In the villages in Guinea, much of daily life revolves around tasks related to subsistence farming. Rice, manioc, sweet potatoes, yams, and many other dietary staples are grown in the village. The work is hard, and it is not uncommon to see both young and old at work in the fields. Here, a man sorts through beans that will be sifted and then pounded with the mortar and pestle, and made into that evening’s stew…
Le Vieux Fermier is 14x17” pencil and graphite powder on bristol board, and depicts a farmer in a village in the Kouroussa region of Guinea, not far from the Niger River. This drawing had many challenges, as you will see below. Enjoy! — DK
This artwork is included in my book Drawing on Culture: An Artist’s West Africa Travelogue, which is available to purchase here.
Le Vieux Fermier
14x17” pencil on bristol by Dave Kobrenski
In the final stages of the drawing, I really focused on rendering the anatomy of the arms, hands, and face while still attempting to maintain a clear focal point for the drawing as a whole. Lots of pushing and pulling, and loads of patience. It was important to take lots of breaks during this long drawing, as every time I stepped away from it and came back with “fresh eyes” I would see something different. Rendering the background became quite the challenge and at times I thought I could easily ruin the drawing! At long last, the forms of the shirt, the mortar, and the background started to play nicely together, and I felt I could start the last challenge: the beans themselves. I made sure I had plenty of time and was relaxed for this, just enjoying drawing those little shapes and tried to make them pleasing little objects.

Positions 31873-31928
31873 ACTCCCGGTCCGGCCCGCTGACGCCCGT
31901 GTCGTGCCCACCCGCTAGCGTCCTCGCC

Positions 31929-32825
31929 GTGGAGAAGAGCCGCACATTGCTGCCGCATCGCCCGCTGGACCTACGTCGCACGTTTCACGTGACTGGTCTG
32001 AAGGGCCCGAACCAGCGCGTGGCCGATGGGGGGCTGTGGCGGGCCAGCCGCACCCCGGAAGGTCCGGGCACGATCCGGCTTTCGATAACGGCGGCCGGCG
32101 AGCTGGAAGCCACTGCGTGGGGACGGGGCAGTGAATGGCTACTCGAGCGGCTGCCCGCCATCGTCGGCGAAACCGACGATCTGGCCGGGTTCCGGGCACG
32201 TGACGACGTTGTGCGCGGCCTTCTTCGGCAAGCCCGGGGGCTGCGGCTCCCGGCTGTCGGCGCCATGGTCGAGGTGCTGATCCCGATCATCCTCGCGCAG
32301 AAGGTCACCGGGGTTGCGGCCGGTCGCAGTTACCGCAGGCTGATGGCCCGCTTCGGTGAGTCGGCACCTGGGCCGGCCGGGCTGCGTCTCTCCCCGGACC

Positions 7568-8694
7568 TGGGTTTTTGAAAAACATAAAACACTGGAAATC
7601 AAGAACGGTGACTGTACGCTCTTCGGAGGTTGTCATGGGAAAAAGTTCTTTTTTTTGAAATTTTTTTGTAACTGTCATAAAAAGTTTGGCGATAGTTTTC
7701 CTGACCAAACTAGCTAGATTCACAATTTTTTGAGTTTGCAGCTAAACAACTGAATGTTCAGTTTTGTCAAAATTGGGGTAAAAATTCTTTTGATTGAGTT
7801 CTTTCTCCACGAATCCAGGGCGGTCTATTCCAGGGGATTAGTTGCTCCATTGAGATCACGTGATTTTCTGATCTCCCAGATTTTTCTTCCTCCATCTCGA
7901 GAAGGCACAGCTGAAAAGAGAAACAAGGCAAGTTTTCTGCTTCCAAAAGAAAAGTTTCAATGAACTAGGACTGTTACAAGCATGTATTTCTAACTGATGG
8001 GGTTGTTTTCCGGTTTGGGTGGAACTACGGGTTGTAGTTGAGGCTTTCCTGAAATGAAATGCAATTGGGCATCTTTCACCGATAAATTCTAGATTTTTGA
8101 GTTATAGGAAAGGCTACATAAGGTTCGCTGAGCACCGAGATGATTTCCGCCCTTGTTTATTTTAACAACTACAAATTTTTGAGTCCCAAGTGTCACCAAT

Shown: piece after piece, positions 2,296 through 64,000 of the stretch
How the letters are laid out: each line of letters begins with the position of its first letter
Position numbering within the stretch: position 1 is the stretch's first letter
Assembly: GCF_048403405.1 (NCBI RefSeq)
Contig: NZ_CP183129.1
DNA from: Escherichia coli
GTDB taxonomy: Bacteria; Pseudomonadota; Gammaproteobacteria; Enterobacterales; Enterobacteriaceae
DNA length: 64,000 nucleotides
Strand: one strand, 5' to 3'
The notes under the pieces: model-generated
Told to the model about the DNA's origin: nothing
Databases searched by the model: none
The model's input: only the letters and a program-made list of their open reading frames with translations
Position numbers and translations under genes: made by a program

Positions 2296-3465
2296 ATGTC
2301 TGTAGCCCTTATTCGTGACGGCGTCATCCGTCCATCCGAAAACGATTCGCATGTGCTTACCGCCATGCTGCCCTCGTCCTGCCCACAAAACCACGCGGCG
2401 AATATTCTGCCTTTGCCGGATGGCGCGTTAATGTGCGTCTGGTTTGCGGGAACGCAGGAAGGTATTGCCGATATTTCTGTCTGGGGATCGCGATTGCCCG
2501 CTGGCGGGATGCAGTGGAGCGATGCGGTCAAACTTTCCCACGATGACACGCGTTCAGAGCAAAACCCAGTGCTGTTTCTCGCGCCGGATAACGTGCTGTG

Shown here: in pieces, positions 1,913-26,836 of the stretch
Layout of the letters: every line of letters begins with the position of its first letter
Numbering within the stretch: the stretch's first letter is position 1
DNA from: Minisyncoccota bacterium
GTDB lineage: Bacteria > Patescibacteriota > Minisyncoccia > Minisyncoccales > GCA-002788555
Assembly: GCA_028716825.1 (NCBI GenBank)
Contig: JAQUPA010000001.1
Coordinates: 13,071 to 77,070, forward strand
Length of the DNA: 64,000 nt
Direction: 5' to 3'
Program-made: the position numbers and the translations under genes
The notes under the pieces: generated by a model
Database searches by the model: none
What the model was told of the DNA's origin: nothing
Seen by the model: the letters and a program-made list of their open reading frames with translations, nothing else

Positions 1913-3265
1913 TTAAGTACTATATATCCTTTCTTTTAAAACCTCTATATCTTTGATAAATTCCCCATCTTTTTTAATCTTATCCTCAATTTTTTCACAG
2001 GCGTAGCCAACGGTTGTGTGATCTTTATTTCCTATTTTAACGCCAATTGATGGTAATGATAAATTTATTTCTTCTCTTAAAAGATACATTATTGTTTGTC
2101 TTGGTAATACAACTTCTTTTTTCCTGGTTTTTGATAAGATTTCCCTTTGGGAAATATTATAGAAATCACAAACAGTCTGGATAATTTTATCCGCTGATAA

In the end, I’m very happy with what was the most difficult drawing I had attepted yet. I hope you enjoy it too!
Drawing on Culture
An Artist’s West Africa Travelogue
In Drawing on Culture, artist and ethnomusicologist Dave Kobrenski takes readers on an artistic journey of cultural discovery into the heart of West Africa.
“Dave Kobrenski is a gifted artist and musician, and a better anthropologist than many of the PhDs I know. Here is a fine text that depicts people as they are, illustrates their essence, and demonstrates the importance of appreciating, without appropriating, their lives and ways of being.”
— Katherine Donahue, Ph.D, Professor Emerita, Anthropology